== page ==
Winnipeg Jets goalie Steve Mason says there’s a lot to be excited about

WINNIPEG — The Winnipeg Jets are hoping veteran goaltender Steve Mason can help accomplish two things with his new team: fix the current issues in net, and help the franchise’s future in the crease by mentoring a young teammate.

Defensive struggles dominated the off-season conversation in Winnipeg, sparking general manager Kevin Cheveldayoff to sign Mason to a US$8.2-million, two-year contract when free agency opened in July.

“You look at the roster and there’s lots to be excited about,” Mason said Friday on the opening day of camp. “I think everybody here’s on the same page, realizing in the last number of years it hasn’t been good enough, but we’re right on the cusp of becoming a team that can be a consistent contender.”

While Mason is expected to handle the majority of the workload and serve as the Jets’ No. 1 netminder this season, head coach Paul Maurice is hoping the 29-year-old veteran can also work with 24-year-old Connor Hellebuyck.

“It was part of the conversation prior to the signing that, in getting to know (Mason’s) personality, that he would be willing and able to (mentor Hellebuyck),” said Maurice. “To make sure the relationship between the two goaltenders in the room (is strong) and he would have a willingness to work with someone. Connor’s feeling the same way.

“He wants to fight for that job as well, so it’s a really healthy competition.”

The Jets can definitely score, finishing seventh in the NHL last season with an average of 3.00 goals per game. But Winnipeg was 27th in the league in goals against last season.

Consistent struggles plagued Hellebuyck during his sophomore campaign. Hellebuyck signed a one-year deal worth $2.25 million in the off-season after posting a 26-19-4 mark with a .907 save percentage and 2.89 goals-against average.

“Connor and I have gotten to know each other over the last two weeks of being here,” said Mason, who spent the last four-plus seasons with Philadelphia. “I think that’s the important thing, getting our friendship going and then the on-ice stuff takes care of itself I think. We’re both in the position where we want to play. We both want to get better. I see a lot of potential in him, and hopefully I can help him realize that potential as well.”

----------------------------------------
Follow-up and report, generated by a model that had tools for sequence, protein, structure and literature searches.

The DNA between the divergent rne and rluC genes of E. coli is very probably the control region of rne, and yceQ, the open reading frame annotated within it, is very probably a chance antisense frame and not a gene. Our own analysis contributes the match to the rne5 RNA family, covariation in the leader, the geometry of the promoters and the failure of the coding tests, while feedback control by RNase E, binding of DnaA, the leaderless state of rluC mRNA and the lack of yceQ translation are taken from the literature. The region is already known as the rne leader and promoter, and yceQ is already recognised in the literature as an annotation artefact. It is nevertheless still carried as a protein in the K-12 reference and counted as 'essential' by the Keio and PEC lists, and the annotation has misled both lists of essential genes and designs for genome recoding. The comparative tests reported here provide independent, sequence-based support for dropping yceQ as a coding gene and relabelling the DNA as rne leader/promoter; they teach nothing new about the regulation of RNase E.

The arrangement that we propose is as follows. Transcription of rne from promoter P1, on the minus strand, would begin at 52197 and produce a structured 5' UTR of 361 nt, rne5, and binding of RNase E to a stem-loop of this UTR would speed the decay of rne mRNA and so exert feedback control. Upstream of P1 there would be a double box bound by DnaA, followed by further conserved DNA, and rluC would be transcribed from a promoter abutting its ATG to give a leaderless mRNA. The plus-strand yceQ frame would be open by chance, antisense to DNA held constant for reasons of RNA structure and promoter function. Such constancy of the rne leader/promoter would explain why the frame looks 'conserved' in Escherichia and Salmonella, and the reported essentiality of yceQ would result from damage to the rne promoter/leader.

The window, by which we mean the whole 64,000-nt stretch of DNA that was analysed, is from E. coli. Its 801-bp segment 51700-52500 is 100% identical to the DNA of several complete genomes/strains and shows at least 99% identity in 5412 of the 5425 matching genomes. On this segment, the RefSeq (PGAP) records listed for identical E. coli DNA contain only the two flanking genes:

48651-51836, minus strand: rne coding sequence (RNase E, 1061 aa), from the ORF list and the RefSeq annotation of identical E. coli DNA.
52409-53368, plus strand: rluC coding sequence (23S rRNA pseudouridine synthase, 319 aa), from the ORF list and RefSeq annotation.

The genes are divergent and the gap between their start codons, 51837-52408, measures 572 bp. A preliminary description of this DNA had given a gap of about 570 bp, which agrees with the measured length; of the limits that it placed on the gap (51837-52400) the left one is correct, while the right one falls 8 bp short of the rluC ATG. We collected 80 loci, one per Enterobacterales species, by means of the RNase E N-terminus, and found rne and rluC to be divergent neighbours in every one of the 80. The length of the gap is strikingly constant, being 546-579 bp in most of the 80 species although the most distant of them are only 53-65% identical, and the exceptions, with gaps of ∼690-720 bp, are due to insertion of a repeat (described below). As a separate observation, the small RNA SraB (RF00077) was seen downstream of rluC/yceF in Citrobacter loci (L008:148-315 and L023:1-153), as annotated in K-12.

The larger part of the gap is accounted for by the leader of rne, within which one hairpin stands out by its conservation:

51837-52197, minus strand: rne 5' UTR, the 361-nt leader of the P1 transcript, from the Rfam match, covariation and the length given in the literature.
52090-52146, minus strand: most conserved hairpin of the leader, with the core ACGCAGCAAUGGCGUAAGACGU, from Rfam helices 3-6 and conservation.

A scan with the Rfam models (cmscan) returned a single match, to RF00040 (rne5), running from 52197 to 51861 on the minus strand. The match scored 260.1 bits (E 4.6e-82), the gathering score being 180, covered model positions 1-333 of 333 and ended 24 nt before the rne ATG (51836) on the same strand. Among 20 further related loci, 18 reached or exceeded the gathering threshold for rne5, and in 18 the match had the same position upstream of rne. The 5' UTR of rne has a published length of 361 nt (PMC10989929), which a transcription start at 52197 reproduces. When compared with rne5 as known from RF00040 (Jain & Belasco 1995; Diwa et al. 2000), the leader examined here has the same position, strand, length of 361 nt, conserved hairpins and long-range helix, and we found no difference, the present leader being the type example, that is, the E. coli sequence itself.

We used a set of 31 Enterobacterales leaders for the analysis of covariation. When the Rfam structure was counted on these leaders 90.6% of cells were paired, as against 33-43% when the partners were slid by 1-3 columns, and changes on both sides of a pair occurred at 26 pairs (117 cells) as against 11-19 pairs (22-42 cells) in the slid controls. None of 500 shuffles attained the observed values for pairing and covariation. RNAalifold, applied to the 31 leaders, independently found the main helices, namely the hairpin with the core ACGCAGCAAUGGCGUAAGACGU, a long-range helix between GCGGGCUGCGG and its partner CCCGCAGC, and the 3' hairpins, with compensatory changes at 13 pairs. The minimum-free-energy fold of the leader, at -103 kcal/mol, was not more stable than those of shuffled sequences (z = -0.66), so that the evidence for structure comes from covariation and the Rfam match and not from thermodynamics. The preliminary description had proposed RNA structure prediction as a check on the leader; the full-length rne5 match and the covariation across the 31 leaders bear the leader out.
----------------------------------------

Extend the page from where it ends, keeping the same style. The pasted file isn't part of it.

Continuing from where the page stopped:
Maurice knows being a young NHL goaltender can be difficult.

“This is a capitalist sport and it’s a performance business, so it’s very difficult as a young player to deal with that,” said Maurice. “There isn’t more (of) a position in the game that’s a confidence position, and you can lose that real quick. You’ve seen so many young goaltenders who’ll put that year up and then they’re out of the league, they disappear. Now I look at it as a huge benefit in that he’s been through that and he can handle that.”

Mason, who nearly gave up on his NHL career before being traded from Columbus to Philadelphia in 2013, can see the value of having a teammate as a mentor.

“I never had that older goaltender ahead of me to help me along the way, and looking back on that, that’s something I wish I had,” he said. “And now I’m in a position where I am the old guy, I guess. It has put me in a position now where Connor has experienced some of the same things, and I can help him along the way in terms of helping him become a better goaltender that the organization believes he can be.

“I’ve gone through a lot in my career that he’s starting to experience. The NHL is by no means an easy league to play in, especially as a goaltender in a Canadian market where they expect so much. I think I’m looking forward to working with him, helping him get better, and in return have him push me as well. I think it’ll be a good situation.”

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